There was that turning point. The game was evens, there for taking, Swans marching. The ball was chipped into Papley’s path, running towards goal, Dale Morris dove, body on the line, in a game that was relentless for its body on the line, but this time it changed the flow. You could almost feel it.


The Doggies went forward, soon enough they got a goal.


And momentum. You could almost tell the second it happened. From then on Sydney were hanging on.


There are always big hits and six-pointers, and Liam, son of Billy, taking hangers, just hovering up there, but this was the sort of moment the players talk about. It’s the one, as a fan, I’ll most remember.


Then, when Sydney’s back finally broke with about five minutes to go, and they blew the siren to herald in Dreamtime, to put a nail in the game and begin carving it fresh into legend, up Luke Beveridge stepped to the podium. Gracious to the Swans, humble, taking off his coach’s premiership medal from around his neck, where most people would tattoo it on for life, and called up Bob Murphy. The one they all love. Everybody.


Tears crossed the country. Droughts, premierships and otherwise, were broken.


In a moment of corporate acknowledgements, protocols and clichés, those two men gave us something human.


Poetry for everyone.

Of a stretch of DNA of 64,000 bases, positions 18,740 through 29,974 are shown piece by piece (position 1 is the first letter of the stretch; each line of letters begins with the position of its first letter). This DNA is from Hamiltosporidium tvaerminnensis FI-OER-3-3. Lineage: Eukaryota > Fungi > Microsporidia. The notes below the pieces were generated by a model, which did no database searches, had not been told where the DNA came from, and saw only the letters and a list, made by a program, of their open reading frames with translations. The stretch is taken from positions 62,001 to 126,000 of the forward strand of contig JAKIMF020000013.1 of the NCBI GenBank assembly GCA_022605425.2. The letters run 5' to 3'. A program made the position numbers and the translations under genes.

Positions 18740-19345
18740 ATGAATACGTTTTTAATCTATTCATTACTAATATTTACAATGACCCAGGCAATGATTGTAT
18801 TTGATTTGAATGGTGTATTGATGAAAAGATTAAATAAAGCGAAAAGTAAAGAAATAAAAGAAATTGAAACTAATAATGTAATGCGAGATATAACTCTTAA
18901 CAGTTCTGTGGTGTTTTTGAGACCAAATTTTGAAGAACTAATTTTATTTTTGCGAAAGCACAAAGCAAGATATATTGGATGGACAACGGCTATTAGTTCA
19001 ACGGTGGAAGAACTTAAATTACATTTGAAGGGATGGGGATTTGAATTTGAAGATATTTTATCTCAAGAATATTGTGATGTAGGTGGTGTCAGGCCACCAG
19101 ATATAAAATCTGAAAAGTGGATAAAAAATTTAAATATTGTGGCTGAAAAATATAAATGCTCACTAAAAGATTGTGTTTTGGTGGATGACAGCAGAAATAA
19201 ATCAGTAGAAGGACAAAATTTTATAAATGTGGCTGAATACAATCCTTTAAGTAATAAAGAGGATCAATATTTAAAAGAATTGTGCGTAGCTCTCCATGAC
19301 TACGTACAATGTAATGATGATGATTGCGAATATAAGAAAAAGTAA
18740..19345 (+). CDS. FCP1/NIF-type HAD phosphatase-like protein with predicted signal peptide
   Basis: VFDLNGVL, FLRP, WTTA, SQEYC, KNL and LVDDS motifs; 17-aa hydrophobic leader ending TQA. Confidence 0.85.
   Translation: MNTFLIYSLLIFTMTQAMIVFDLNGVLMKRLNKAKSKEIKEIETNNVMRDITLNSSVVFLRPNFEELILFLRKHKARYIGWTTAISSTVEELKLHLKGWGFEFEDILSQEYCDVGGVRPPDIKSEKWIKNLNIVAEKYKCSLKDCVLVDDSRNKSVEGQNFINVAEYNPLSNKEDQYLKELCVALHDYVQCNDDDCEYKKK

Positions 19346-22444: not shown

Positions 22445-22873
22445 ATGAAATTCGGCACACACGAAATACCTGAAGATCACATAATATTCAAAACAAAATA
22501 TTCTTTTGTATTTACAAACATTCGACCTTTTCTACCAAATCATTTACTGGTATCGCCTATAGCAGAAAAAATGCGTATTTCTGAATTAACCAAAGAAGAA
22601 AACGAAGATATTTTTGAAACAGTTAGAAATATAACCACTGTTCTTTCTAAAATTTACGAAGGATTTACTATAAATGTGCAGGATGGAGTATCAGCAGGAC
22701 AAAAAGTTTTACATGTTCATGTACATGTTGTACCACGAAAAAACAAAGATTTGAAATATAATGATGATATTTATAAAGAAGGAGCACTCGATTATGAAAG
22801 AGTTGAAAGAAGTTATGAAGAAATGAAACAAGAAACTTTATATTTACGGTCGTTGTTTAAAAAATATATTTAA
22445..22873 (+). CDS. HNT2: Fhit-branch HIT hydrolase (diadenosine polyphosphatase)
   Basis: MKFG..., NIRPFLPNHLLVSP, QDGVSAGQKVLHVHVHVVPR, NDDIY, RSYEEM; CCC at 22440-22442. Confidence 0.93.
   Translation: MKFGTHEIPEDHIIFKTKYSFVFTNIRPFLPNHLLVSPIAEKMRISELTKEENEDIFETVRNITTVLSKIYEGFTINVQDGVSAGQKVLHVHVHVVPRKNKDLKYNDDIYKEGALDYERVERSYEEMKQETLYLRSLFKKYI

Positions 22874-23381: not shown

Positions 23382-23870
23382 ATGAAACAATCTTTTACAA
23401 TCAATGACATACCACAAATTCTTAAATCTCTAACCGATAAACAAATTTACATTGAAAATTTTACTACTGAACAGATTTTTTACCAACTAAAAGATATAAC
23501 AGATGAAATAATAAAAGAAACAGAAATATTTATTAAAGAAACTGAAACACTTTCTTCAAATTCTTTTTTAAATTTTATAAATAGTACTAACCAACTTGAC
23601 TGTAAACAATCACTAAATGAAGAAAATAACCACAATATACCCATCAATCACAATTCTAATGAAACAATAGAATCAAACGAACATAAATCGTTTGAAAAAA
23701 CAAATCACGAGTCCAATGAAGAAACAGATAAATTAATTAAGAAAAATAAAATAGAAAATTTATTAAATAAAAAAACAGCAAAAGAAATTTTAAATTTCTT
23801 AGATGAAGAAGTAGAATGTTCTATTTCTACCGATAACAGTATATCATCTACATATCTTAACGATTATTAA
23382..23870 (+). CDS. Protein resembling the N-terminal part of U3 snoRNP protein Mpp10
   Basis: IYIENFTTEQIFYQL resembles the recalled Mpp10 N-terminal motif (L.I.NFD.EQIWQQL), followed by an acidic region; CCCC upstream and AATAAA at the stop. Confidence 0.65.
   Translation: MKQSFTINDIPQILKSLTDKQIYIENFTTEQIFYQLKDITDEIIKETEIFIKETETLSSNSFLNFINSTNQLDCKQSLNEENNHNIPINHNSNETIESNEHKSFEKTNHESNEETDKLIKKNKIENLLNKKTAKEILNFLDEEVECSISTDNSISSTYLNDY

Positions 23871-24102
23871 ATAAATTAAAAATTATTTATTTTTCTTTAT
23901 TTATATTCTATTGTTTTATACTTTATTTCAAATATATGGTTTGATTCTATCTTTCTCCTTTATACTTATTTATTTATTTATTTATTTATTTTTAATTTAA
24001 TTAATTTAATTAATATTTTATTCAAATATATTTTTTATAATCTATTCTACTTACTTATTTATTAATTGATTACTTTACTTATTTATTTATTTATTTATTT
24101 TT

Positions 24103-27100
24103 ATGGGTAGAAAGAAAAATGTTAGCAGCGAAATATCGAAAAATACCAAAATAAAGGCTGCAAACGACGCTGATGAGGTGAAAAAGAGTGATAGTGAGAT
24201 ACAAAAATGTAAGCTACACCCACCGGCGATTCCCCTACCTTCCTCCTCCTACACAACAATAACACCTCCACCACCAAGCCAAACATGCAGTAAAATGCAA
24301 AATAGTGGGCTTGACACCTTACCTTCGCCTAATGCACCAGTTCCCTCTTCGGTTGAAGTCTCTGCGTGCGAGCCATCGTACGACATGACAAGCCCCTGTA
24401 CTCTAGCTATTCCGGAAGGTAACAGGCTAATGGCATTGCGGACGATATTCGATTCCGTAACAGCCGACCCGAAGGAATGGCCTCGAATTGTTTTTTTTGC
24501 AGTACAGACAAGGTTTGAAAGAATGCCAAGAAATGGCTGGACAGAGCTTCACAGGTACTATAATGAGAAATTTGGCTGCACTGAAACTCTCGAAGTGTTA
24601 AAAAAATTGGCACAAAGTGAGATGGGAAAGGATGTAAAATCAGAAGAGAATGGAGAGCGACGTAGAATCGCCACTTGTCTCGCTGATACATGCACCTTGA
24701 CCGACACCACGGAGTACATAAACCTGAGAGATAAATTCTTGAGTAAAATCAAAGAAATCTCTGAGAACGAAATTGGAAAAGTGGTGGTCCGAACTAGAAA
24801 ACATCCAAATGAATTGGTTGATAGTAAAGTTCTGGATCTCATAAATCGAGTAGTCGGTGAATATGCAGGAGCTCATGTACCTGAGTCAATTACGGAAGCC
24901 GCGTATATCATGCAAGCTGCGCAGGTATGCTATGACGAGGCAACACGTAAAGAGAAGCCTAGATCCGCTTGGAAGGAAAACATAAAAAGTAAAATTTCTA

Sydney, like the city, is a fairly glamorous unit. Footscray, then the Western Bulldogs have always been everybody’s team. Always. There is just something about them, from Dougie, to players like Peter Foster, to Bob, the grins of Smith and Johnson, the character of Ben Hudson, to the cool cat feel of Tom Libratore.


Watching footy at the highest level often leads to jealousy. Especially when a premiership is won. We wonder what it would be like to be one of them, in the rooms after such a win, back at the club on Mad Monday, walking down the street for years after? An AFL flag winner!


Yet, after the game, old biddies the world over were sobbing into their grinning faces, past champions were crying with joy, people’s pets, stop signs, pot plants were crying. Old trainers across the country were delirious. Lives were affected. Joy was spread. The world seemed like a better place.


Everybody, Doggies supporters or not, was happy.


With the Doggies. When they win, somehow, you’re one of them.


What I think about when I think about love is something for everyone.






  1. “The old painted as new, versus the new, painted as old.” Nailed it. Captures what I have despised about Sydney since the Buddy and TIppet ‘too clever by half’ purchases Very Emerald City.
    And your Tippet line – do you do standup? But its churlish to deride the many for the sins of the few. Grundy, Rampe, Smith, Kennedy, Hannebery, Naismith, Heaney – were as brave as you would see. They didn’t deserve to lose, but its fitting that they did. Leaders need followers as brave winners need gallant losers.